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My most recent blog post has inspired me to write a follow-up piece to further explore the broad themes around why so many bowlers are being sidelined through seemingly minor niggles and soft-tissue injuries. What has really inspired me to write again on the same topic has been the quality of the debate from around the world. Free from some of the partisan, flag-waving, one-eyed, jingoistic claptrap that usually polarises most blog pieces, the comments emanating from the previous article were erudite, educated, thoughtful and genuinely seeking respectful dialogue. I certainly learned a lot from many of the intelligent folk that contributed to that debate so I figured it might be worth taking the discussion to another plane.
My initial thoughts stemmed from the recent injuries to Pat Cummins and James Anderson, both of them breaking down after a ten-over bowling spell. I see today that poor old Jade Dernbach has caught the same virus, a side strain after bowling ten overs for 59 runs. Same questions apply here…was he not properly 'prepared' by the medical staff to get through a ten-over spell or was his (supposedly super-fit) body unable to cope with the demands of getting through those ten measly overs in three spells? Whatever the answer, it is clear that something is clearly amiss here. Either the cricketers themselves are not fit enough to bowl ten overs without straining a muscle or they haven't been prepared well enough to be able to deliver 60 balls in 2-3 spells at fast-medium pace on a mild summer's day without injuring themselves. I'm sorry but it just begs the question - how can this keep happening without somebody questioning the value of having such an expensive and extensive support system that is clearly unable to keep players on the park after a standard day at the office?
Sifting through the previous blog comments, it is clear that I'm not the only one to be pondering this question. There were some really insightful theories from around the world, from those with a medical background to people who understand bowling actions, javelin throwers and biomechanics to just commonsense folk who have fond memories of enduring and durable fast bowlers of yesteryear (some fairly recent) who somehow managed to escape this modern affliction of the ubiquitous muscle strain!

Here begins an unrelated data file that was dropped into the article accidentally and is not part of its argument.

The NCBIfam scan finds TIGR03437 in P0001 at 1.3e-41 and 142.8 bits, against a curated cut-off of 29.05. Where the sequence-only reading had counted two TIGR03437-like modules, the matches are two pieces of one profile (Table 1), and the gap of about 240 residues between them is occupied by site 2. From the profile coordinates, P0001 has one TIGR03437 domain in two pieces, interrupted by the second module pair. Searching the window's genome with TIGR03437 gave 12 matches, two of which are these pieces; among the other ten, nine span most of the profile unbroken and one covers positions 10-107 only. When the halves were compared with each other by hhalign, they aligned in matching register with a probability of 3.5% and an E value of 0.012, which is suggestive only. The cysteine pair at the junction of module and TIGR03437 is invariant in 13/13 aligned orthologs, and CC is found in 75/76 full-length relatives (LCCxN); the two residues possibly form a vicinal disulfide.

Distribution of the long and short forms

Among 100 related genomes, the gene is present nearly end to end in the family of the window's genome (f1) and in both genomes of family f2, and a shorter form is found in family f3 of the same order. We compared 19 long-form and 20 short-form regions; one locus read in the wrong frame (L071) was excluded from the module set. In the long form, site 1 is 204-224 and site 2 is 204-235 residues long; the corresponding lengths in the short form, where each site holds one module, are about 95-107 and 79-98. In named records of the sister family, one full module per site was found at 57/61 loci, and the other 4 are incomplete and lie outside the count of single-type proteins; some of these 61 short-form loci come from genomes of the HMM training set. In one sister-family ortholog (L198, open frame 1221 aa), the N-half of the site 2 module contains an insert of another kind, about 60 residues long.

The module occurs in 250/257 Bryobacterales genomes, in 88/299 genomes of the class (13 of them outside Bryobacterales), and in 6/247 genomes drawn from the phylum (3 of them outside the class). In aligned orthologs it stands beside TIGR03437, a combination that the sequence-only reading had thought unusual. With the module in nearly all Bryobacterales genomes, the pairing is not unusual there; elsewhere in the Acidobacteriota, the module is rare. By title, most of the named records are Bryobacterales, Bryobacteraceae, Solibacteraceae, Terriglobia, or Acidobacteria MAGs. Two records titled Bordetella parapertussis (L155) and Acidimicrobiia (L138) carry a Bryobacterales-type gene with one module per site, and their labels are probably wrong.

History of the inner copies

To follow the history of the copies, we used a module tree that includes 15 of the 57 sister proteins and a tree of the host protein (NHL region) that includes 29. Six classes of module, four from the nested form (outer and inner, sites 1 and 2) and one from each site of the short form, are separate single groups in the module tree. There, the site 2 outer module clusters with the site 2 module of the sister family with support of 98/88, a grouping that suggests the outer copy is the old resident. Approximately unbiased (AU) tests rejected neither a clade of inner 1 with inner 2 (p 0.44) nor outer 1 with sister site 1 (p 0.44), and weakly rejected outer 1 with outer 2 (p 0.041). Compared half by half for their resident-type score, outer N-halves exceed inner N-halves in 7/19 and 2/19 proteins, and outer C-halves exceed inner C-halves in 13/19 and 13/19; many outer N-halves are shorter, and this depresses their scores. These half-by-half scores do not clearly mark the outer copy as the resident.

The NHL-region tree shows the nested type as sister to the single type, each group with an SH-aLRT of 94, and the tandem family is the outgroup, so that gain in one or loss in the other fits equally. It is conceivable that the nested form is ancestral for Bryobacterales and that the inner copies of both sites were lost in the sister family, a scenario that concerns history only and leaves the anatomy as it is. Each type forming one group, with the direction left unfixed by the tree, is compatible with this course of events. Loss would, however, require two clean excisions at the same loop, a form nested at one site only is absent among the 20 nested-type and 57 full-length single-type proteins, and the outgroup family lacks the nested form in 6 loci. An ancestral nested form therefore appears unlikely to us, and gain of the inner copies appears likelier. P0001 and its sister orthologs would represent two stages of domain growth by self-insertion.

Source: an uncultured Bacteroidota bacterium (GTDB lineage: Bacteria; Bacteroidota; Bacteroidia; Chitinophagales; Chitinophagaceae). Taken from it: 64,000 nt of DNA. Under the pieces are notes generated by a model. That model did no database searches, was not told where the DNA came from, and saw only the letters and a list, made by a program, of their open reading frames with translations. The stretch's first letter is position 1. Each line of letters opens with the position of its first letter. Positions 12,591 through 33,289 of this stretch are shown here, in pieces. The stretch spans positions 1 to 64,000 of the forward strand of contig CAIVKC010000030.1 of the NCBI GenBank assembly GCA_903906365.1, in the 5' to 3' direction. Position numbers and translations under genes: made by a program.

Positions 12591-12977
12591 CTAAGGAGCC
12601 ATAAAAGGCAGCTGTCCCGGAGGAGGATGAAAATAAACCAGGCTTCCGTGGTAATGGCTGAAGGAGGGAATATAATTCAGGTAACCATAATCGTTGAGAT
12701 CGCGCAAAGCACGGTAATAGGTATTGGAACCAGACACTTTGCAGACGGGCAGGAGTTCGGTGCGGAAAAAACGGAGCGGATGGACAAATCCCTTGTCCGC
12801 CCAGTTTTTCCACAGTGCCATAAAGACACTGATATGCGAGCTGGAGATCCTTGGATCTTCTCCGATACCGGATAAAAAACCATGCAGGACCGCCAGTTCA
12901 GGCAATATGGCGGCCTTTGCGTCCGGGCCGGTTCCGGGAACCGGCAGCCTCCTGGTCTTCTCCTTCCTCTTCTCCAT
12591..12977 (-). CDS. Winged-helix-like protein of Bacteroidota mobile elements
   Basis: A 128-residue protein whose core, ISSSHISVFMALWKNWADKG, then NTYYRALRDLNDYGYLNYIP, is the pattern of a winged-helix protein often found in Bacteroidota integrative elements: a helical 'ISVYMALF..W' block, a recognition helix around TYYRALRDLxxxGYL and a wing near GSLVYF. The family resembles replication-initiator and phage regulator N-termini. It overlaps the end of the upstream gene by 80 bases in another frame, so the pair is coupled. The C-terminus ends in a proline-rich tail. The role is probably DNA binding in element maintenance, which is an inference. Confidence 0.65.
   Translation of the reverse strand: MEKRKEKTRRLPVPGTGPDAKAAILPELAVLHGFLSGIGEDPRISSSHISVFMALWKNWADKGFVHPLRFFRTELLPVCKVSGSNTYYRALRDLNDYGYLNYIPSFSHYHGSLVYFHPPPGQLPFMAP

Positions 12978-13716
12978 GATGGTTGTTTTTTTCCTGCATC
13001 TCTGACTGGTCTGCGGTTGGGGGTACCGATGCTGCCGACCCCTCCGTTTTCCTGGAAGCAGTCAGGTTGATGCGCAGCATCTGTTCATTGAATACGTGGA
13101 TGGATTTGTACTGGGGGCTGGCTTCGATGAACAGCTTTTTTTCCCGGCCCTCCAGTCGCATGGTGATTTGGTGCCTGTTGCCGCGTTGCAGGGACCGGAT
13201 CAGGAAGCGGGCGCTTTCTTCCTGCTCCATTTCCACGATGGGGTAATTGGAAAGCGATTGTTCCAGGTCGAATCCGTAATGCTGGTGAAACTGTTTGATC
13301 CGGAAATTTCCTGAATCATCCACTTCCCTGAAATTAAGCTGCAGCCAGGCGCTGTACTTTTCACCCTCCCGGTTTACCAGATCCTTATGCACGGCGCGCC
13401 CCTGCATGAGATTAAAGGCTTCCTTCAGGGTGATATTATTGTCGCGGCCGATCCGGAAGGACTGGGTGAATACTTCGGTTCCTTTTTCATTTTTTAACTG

One blog respondent (Paul) asked a most pertinent question that is worth repeating:
In the famous 4th test match of the 1948 series, England batted on for some time on the last morning of the match before declaring, leaving the Aussies the rest of the day to chase 404. In the Australian innings, the English bowlers managed to bowl 114.1 overs before the runs were scored some 15 minutes before stumps. Therefore, about 125 overs were possible in a normal days play - bowled by amateur players supposedly far less fit than their modern day counterparts. How is this so? Somebody? Anybody
Well said sir! I've posed that same question to modern cricketers many times and haven't yet had a satisfactory answer. When you factor in the longer boundaries and the gentle ambling to fetch the ball from the ropes (if the old newsreel footage is accurate), how did those cricketers of old, presumably much less fit and less professional, manage to get through that much cricket in a single day? They didn't have a pre-determined fielding plan designed by the coach/computer so presumably the captain would have had to think on his own about what field-placings to set. They didn't have the pleasure of drinks being run out to the players every few minutes so they must clearly have been less hydrated (leaving aside the magical properties of sports drinks). Admittedly, the video umpire referrals can slow things down a bit so that is a mitigating factor but not many teams get through the minimum 90 overs in the allotted six hours during Tests, even when the spinners do a fair bit of the work. So they can't blame the extra injuries on a workload that is significantly more rigorous than the old days.